He flips open the latches and boots the machine up. Soon, I’m looking at all the versions of Street Fighter (which by now I’ve learnt is his favourite childhood game) on the menu screen.

As he asks which games I would like to see, I consider my embarrassingly limited video game knowledge and decide against saying “I like Pac-man!”

RetroCade Goes Exploring


In these two years, KJ hasn’t kept this hobby all to himself. He enjoys meeting new people and sharing the fun and nostalgia with them.

“For some time we toyed with the idea of doing workshops, but space was always an issue,” he tells me. By a stroke of luck and great timing, opportunities came his way.

“Chye Seng Huat Hardware had bought some of our machines before. Then they noticed we make DIY kits and asked if we would like to do a workshop there.”


The second workshop was held this February at Funan Showsuite, which had similarly noticed RetroCade at CSHH and got in touch.

KJ has even taken arcade machines across the world to conventions in Germany and Japan.

“When I bring them overseas, I can just take them apart, flat pack them, and assemble again there,” he says.


Everyone Is A Builder

As mentioned earlier, KJ can manage an incredible feat of building an arcade machine in two hours. This made me wonder if it was tough for others to keep up.

He tells me the machines they built at workshops were not too challenging as they were small single player pieces.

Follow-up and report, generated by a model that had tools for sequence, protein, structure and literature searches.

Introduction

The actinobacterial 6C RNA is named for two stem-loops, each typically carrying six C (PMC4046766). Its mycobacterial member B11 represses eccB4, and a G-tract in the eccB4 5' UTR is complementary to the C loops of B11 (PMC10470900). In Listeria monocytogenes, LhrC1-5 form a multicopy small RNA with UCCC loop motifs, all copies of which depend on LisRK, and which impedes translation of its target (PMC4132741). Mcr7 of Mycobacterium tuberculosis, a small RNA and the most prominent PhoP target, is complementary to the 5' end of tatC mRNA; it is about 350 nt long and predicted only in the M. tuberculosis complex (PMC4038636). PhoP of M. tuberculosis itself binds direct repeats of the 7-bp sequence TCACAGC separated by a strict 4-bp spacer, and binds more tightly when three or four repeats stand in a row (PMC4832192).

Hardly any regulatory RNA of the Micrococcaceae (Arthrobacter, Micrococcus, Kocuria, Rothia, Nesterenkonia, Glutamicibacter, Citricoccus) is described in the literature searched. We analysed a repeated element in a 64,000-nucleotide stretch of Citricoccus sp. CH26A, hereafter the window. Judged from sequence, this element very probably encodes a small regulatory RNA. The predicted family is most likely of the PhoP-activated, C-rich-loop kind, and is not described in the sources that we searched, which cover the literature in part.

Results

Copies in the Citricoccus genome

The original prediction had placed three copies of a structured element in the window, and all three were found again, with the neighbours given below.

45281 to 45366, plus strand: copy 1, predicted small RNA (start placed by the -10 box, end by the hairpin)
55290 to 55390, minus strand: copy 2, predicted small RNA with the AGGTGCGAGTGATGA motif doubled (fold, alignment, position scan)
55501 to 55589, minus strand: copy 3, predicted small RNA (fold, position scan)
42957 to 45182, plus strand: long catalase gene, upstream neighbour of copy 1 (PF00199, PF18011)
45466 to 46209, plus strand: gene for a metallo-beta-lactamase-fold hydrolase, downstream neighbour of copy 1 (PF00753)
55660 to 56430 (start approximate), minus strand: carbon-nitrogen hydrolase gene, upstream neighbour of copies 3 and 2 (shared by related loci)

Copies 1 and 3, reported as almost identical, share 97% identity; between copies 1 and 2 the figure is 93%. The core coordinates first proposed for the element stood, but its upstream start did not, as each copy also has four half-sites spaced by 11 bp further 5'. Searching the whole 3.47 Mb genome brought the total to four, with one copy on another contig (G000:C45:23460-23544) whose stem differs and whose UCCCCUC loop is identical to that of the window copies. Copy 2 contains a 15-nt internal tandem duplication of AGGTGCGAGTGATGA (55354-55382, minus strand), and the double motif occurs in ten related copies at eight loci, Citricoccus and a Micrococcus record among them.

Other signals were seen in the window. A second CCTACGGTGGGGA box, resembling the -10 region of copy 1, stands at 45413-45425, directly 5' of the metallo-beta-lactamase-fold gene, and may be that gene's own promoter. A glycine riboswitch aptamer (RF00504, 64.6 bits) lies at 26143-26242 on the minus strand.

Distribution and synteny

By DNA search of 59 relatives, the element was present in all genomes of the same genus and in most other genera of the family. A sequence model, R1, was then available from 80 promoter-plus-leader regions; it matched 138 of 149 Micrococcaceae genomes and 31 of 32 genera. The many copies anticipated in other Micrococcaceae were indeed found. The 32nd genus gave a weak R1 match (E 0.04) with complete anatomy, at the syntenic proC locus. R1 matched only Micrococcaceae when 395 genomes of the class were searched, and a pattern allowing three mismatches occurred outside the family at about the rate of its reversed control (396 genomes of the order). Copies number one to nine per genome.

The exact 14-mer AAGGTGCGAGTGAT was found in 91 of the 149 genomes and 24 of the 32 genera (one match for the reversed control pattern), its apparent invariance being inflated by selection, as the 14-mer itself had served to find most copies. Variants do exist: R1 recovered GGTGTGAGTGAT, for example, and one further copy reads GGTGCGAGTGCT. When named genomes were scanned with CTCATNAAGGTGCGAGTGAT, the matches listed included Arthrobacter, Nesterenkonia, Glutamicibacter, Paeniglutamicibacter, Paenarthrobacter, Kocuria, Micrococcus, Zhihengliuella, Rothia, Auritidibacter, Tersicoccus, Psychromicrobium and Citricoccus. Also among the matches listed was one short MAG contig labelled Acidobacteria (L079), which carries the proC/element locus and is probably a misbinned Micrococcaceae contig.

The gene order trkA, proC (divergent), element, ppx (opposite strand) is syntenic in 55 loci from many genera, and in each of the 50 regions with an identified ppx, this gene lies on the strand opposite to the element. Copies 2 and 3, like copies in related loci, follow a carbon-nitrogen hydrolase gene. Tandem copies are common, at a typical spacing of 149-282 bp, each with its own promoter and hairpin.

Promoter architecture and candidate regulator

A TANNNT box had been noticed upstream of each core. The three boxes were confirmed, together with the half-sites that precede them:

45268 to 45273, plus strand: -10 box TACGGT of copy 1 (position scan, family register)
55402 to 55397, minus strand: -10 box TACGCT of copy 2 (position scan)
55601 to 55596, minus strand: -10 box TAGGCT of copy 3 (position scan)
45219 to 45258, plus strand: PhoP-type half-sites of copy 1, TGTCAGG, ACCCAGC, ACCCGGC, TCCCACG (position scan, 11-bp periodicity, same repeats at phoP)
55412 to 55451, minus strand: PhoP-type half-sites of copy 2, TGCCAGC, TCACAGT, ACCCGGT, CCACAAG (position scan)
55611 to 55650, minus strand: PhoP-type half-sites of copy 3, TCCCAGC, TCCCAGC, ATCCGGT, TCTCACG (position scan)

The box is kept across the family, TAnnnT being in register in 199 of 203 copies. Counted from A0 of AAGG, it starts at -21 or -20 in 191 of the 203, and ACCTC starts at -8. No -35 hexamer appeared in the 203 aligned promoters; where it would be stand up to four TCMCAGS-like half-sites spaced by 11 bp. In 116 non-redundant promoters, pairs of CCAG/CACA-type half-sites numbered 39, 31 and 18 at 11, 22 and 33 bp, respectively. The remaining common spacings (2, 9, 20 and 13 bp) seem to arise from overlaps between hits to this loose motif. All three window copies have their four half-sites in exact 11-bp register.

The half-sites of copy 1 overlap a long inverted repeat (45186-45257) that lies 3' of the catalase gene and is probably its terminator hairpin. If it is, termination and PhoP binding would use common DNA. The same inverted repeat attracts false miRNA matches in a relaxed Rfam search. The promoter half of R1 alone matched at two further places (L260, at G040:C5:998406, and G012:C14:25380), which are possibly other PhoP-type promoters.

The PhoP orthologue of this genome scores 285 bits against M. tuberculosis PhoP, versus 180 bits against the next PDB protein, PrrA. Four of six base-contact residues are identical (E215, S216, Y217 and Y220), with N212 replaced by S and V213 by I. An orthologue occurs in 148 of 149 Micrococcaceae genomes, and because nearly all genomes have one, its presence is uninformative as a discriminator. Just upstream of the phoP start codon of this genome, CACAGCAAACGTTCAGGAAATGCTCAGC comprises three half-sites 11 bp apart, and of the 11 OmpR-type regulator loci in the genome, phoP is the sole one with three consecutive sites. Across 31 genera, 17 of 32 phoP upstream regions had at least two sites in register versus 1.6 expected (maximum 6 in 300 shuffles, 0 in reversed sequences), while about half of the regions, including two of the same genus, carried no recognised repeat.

“By the second workshop I factored in two to three hours, and most of them were able to finish it by three and a half.”

He also says he receives a wider audience of workshop-goers compared to buyers. Buyers are typically people around 30 to 40 who grew up loving retro games.

“At a workshop, someone asked if the controller stick should go on the right side for right-handers, so I could tell he didn’t play a lot of games”, KJ says.

“That was the moment I knew the workshops attract not only gamers, but people who are looking for new experiences too.”


Some attendees have even brought their kids along and made it a bonding session.

KJ remembers a particular mother and son duo. They made an impression in his heart as the boy left saying, “This is the best day of my life!”

Good Old Games

Although kids now are most familiar with iPads and 3DS, they had no problem connecting with the arcade machines. After all, games are games.

For adults, though, the nostalgia is sweet. In comparing new and old, KJ cheers for simplicity and timelessness.


“Retro games are much easier to get into,” he says. “You can just turn it on and play for ten minutes, whereas when you play on a PS4 you will tell everyone not to disturb you for the next two hours.”

Speaking of ten-minute games, he mentions that mobile games just aren’t as fun. I suggest another advantage is that arcade games never bother you with ads, and he chuckles in agreement.

He also thinks nothing beats interaction between friends playing side by side, helping and shouting at each other.


As our chat is coming to an end, I ask if he has considered making RetroCade a full-time business, but KJ says he’ll stick to doing it just for fun.

“Perhaps in the future, the parts will get harder to find or become more expensive, and I don’t know if I’ll be able to sustain this.”

While the computer components are the most costly parts, KJ considers his time to be the most expensive investment. However, at the end of the day, he’s glad to see people get excited and enjoy the fun of building machines together.

Get a taste of nostalgia in his mini arcade creations here.